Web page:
Streamlined Highways

President Trump renews calls for $1 trillion infrastructure plan

National Transportation
President Trump renews calls for $1 trillion infrastructure plan. Seen here: Donald Trump speaking at the 2013 Conservative Political Action Conference (CPAC) in National Harbor, Maryland. (Courtesy Gage Skidmore / Flickr)
President Trump renews calls for $1 trillion infrastructure plan. Seen here: Donald Trump speaking at the 2013 Conservative Political Action Conference (CPAC) in National Harbor, Maryland. (Courtesy Gage Skidmore / Flickr)

Speaking at the U.S. Department of Transportation, President Donald Trump has iterated his eagerness to swiftly implement a $1 trillion infrastructure plan.

“One of the biggest obstacles to creating this new and desperately-needed infrastructure—and that is the painfully slow, costly and time-consuming process for getting permits and approvals to build,” he said at the department last week. Trump wants the speed up the approval process of improving highways are other U.S. infrastructure.

According to the World Economic Forum’s Competitiveness Report for 2015-2016, the U.S. ranks 11th globally for infrastructure, yet is third overall for economic competitiveness. The report also stated that the of “most problematic factors for doing business” in the U.S., inadequate supply of infrastructure was the source of 5.2 percent of the problems.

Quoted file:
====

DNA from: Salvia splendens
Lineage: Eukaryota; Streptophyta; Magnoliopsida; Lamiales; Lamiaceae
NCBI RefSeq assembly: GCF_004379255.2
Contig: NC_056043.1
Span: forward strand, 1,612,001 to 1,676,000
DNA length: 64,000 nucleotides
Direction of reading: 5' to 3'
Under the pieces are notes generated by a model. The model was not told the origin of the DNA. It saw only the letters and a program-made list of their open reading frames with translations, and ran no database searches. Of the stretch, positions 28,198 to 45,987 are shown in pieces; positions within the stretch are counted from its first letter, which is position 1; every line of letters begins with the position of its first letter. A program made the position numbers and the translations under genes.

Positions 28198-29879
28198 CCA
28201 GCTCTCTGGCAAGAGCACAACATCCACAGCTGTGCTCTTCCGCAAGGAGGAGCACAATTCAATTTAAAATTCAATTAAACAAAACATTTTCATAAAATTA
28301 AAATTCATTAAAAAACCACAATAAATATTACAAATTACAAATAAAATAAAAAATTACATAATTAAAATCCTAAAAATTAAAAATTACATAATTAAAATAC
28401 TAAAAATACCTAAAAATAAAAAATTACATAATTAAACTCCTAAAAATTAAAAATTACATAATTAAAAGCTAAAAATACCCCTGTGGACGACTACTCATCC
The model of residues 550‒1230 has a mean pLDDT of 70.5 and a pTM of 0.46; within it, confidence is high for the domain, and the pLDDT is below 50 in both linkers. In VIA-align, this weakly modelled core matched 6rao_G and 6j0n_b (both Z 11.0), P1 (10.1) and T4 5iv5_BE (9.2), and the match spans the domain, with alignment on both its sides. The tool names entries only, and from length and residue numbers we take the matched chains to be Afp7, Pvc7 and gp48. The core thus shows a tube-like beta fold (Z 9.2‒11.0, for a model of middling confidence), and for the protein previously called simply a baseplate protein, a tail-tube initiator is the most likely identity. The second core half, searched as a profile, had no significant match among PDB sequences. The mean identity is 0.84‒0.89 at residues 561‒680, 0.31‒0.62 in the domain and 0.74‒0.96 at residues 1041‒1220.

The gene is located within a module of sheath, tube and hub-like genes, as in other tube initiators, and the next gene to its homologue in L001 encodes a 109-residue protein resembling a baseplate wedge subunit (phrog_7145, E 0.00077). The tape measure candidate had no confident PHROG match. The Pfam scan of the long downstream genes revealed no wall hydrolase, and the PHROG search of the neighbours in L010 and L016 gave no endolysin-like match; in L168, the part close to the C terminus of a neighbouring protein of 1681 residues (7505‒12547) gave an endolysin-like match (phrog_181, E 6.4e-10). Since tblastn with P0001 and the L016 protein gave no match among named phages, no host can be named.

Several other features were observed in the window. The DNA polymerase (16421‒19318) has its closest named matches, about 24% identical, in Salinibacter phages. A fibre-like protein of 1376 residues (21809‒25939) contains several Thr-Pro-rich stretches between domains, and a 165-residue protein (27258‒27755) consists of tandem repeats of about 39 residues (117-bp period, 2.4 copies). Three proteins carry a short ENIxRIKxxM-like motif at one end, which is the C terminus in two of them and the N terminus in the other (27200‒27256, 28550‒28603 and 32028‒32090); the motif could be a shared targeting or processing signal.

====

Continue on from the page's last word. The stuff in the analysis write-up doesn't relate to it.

Over the course of a decade, The White House proposes spending $200 billion of federal money as part of the trillion-dollar public-private partnership.

The President also said how the White House is pressing on with “massive permit reform,” forming a new council that will supposedly streamline and eliminate red tape when dealing with infrastructure projects. “This Council will also improve transparency by creating a new online dashboard allowing everyone to easily track major projects through every stage of the approval process,” Trump said, as reported by Reuters. He continued, adding that any federal agency that “consistently delays projects by missing deadlines will face tough, new penalties. We will hold the bureaucracy accountable.”

Transportation Secretary Elaine Chao is also reaching out the public for comment and advice for other changes the Trump administration can make to reduce delays in infrastructure approval.

On that note, Trump, according to Reuters, cited the infrastructure of old and reminded everyone of his taste for Keynesian-style economics. It took “four years to build the Golden Gate Bridge and five years to build the Hoover Dam—but today it can take 10 years just to get the approvals and permits needed to build a major infrastructure project,” he lambasted. The President, meanwhile, displayed his distaste for the “16 different approvals involving ten different federal agencies being governed by 26 different statutes,” needed when applying for infrastructure permits.

Related Stories